Lung cell transplant boosts healing after the flu in mice

August 20, 2019

Some cases of the flu are so severe they cause lasting injury to the lungs. New research from the University of Pennsylvania now points to a strategy that may one day offer protection against this damage.

The scientists found that transplanting a certain type of lung cell from healthy mice to those that had been injured by an infection with influenza could improve healing. The transplant--achieved by taking specialized lung cells called alveolar type-two (AT2) cells from the healthy animals and then allowing the sick animals to simply breathe in the cells--led to improved blood-oxygen levels.

"We took this really simple approach," says Andrew Vaughan, senior author on the paper and an assistant professor in Penn's School of Veterinary Medicine, "and asked if we could supplement back these AT2 cells into injured mice, can we make them better, can we improve lung regeneration?"

"Imagine if this were in humans," adds Aaron Weiner, lead author on the study and a graduate student in Vaughan's lab. "If there were a bad flu season coming up, it could be routine to say, can you take some of my AT2 cells, grow them up for me, and if I get sick you can just put them back in to help me recover. That biobank idea is what we're imagining."

The study appears in the journal Regenerative Medicine.

Earlier work by Vaughan and colleagues had focused on the negative outcomes that can arise following injury to the lung, such as a serious infection. In the current investigation, they attempted to recreate a healthy recovery in mice that had been infected with the flu. The healing process involves AT2 cells, which normally produce surfactant, a substance that lowers surface tension in the lung's alveoli to ensure proper function. But AT2 cells can also take on a stem cell-like activity, able to both self-renew and to give rise to alveolar type 1 (AT1) cells, which are responsible for gas exchange in the lungs.

Weiner, Vaughan, and colleagues decided to try to take advantage of this ability of AT2 cells to see if they could aid healing.

They first developed a method to grow AT2 cells taken from healthy mice in culture, and then transplant those cells into mice 11 days after being infected with influenza. Nearly two weeks after the transplant, the researchers found that the cells had grown in the recipient's lungs but either remained as AT2 cells or developed markers associated with unhealthy regeneration.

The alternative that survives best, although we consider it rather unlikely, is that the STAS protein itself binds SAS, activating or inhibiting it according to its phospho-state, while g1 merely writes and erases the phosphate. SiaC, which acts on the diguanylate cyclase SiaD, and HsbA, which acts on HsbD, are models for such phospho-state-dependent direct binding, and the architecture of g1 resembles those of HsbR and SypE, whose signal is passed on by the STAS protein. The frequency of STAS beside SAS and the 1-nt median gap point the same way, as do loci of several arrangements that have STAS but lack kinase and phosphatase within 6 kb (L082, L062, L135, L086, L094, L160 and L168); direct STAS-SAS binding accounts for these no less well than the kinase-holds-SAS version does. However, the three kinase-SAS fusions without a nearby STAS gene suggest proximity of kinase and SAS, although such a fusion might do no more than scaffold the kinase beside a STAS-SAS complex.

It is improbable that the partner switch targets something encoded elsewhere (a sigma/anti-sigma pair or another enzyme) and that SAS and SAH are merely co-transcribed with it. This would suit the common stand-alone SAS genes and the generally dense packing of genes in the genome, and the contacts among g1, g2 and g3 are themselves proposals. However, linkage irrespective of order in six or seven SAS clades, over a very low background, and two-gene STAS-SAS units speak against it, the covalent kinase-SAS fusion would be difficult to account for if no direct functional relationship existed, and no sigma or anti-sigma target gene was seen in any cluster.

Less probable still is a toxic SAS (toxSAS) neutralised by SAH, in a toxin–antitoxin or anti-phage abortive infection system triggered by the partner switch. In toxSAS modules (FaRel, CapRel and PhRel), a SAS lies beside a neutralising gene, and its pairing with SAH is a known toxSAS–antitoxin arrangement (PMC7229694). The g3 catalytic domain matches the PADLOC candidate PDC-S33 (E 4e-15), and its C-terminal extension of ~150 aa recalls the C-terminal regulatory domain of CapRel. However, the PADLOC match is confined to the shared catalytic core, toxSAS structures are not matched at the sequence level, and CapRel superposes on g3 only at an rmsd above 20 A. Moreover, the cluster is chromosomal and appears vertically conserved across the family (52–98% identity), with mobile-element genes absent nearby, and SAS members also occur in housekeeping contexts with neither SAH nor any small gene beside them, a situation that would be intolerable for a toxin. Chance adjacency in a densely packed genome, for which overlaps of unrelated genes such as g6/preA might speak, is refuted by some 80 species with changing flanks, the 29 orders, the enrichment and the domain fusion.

Trying a different tack, the team took roughly a million AT2 cells isolated from healthy mice and directly transplanted them to sick ones. This approach had more success.

"Only a few thousand of the cells stick around in the lungs," says Weiner. "But the important thing we show is that two weeks after we transplant these cells, we see these huge engraftments where the AT2 cells have proliferated a ton and differentiated into the oxygen-exchanging AT1 cells."

"If you weren't looking for the fluorescent tag that we put on the transplanted cells, you wouldn't even be able to distinguish them from the normal tissue," Vaughan says.

The transplant also had a physiological benefit, the researchers demonstrated. Mice that got the transplant of primary AT2 cells had significantly higher blood-oxygen saturation than mice that got a "mock" transplant of saline solution, a sign of a stronger recovery.

"These engraftments are very long-lived," Weiner notes. "One hundred days after the transplant, we find engraftments that are really robust and maintain the cell lineage and have presumably helped in some way for the mice to get better."

As a final test of their methods, the team transplanted AT2 cells into mice that had experience other types of lung injury, including acid inhalation, chemotherapy exposure, and bacterial pneumonia.

"To our surprise it worked really well in two of the three injury models we tested," Vaughan says. They saw robust engraftment after both acid inhalation and chemotherapy, though not for bacterial pneumonia.
The researchers are following up on their findings with work that looks at the molecular signals that may be encouraging the transplanted cells to stick around after transplant and encourage healthy changes in the lungs. They're also collaborating with colleagues to try to use human cells in a mouse model with an eye toward seeing whether a similar therapy could eventually be translated to use in people.